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Hong Kong government warns removing US special status is 'double-edged sword'

Hong Kong government warns removing US special status is 'double-edged sword'

Protesters holding a banner in support of Hong Kong pro-democracy demonstrators at Taipei main train station in Taiwan on May 23, 2020. (Photo: Reuters/Ben Blanchard)

HONG KONG: Hong Kong's government warned Washington that withdrawing its special US status, which has underpinned the city as a global financial hub, could be a "double-edged sword" and urged the United States to stop interfering in internal affairs.

The statement came as US President Donald Trump is due to announce later on Friday (May 29) his response to the Chinese parliament's advancement of national security legislation for Hong Kong, which activists and Western countries fear could erode the city's freedoms.

READ: China's parliament approves Hong Kong national security Bill

READ: Britain deeply concerned by China's security law for Hong Kong: PM Johnson's spokesman

The former British colony has been racked by civil unrest amid fears Beijing is curbing the high degree of autonomy it has enjoyed under a "one country, two systems" formula adopted when it returned to Chinese rule in 1997.

"Any sanctions are a double-edged sword that will not only harm the interests of Hong Kong but also significantly those of the US," the city's government said late on Thursday.

From 2009 to 2018, the US trade surplus of US$297 billion with Hong Kong was the biggest among all Washington's trading partners, and 1,300 US firms were based in the city, it said.

READ: US revocation of Hong Kong's special status 'barbaric': China's HK office

Beijing says the new legislation, likely to come into force before September, will tackle secession, subversion, terrorism and foreign interference in the city. It could see Chinese intelligence agencies set up bases in Hong Kong.

China's Ministry of Public Security (MPS) said it would "guide and support Hong Kong police to stop violence and restore order". Hong Kong's police have been independent from China and the MPS has no enforcement powers in the city.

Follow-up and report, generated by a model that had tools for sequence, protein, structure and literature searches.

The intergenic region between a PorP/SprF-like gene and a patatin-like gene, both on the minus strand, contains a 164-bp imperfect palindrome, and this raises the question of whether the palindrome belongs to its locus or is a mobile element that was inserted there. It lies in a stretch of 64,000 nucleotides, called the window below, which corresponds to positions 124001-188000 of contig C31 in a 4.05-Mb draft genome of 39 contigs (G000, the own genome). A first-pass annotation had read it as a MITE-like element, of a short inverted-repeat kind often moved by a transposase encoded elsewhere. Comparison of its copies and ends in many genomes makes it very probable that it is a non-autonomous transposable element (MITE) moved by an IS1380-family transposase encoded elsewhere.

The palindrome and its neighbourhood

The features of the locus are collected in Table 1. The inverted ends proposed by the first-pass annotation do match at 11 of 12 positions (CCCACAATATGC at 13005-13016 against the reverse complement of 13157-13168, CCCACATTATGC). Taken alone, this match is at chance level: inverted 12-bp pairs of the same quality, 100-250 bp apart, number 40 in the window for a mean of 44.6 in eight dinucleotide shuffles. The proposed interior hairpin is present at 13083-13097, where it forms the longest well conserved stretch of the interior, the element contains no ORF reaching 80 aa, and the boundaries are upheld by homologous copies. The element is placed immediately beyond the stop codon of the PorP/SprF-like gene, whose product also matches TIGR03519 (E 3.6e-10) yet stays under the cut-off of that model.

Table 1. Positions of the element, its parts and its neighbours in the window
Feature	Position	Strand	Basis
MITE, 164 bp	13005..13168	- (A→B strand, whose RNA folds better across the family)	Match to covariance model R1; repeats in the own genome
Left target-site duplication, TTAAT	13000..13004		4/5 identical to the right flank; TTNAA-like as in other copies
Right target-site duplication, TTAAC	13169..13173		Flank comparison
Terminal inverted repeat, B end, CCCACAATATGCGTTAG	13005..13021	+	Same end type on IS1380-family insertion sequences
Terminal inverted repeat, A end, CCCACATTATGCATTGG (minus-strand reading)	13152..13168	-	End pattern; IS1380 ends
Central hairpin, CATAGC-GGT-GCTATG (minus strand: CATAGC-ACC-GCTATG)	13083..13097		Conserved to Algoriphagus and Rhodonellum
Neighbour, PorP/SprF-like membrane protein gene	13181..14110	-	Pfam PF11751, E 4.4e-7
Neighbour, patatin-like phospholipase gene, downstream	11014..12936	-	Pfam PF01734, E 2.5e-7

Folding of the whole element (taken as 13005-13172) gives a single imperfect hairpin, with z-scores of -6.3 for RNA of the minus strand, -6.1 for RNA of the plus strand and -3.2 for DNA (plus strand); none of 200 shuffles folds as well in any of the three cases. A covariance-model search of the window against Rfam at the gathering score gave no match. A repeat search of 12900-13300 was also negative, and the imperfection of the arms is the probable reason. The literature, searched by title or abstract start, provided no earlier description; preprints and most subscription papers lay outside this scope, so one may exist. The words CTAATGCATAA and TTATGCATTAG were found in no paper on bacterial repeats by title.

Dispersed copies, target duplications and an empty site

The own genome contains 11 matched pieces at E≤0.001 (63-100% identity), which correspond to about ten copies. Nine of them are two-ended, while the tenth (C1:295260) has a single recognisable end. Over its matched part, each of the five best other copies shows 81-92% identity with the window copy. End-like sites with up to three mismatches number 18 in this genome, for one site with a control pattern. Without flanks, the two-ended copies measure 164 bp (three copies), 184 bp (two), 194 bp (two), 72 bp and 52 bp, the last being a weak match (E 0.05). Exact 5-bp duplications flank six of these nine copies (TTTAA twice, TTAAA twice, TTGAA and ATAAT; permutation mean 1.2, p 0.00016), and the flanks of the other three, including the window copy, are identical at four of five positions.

The plan has ignited the first big protests in Hong Kong for months, as thousands of people took to the streets this week, prompting police to fire pepper pellets in the heart of the city's financial district to disperse crowds.

It is the city's first major unrest since the coronavirus dampened fervour this year.


The Fitch ratings agency said it expected Hong Kong's economy to contract by five per cent this year, in large part because of the coronavirus, and the outlook for the operating environment for its banks was negative.

Hong Kong's Hang Seng index, which has lost about three per cent after the news of the security legislation, was down 0.711 per cent in the early afternoon.

The US Department of State said in a report on Thursday it could "no longer certify that Hong Kong continues to warrant (differential) treatment" from Beijing.

Trump's top economic adviser Larry Kudlow warned that Hong Kong, which has enjoyed special privileges under US law based on its high degree of autonomy from Beijing, may now need to be treated like China on trade and other financial matters.

Chinese authorities and Hong Kong's Beijing-backed government say the legislation poses no threat to the city's autonomy and the interests of foreign investors would be preserved.

Many Hong Kong residents feel their city is on the cusp of historic change, however.

"No matter how it turns out, I’ll always stand on the people’s side," said Samantha Tam, 27. The office worker said the uncertainty had made her put on hold plans to have a baby after she gets married next year.

"When Hong Kong really loses special status, China will see the consequences. I just want to burn together," she said, paraphrasing a protest slogan aimed at Beijing: "If we burn, you burn with us."

In a separate statement on Friday, published in several local newspapers, Hong Kong leader Carrie Lam urged "fellow citizens" to "join hands to pursue our dreams while putting aside our differences".

She said the legislation was needed because of a "terrorist threat" and because organisations advocating "independence and self-determination" have challenged the authority of Beijing and local governments and pleaded for foreign interference.

The five demands of last-year's protest movement included universal suffrage and an independent inquiry into police handling of the protests, but not independence. A minority of protesters waved "Hong Kong independence" flags.

Independence is anathema for Beijing.

The security legislation, along with a Bill to criminalise disrespect for China's national anthem, are seen by protesters as the latest attempt by Beijing to tighten its control on the city.

The security legislation, expected to be enacted before September, was condemned also by Britain, Australia, Canada and others. Japan said it was "seriously concerned".

Britain said it will give greater visa rights to British national overseas passport holders from Hong Kong unless China suspends its plans.

MORE: Our coverage of the Hong Kong protests

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Source: Reuters/nh


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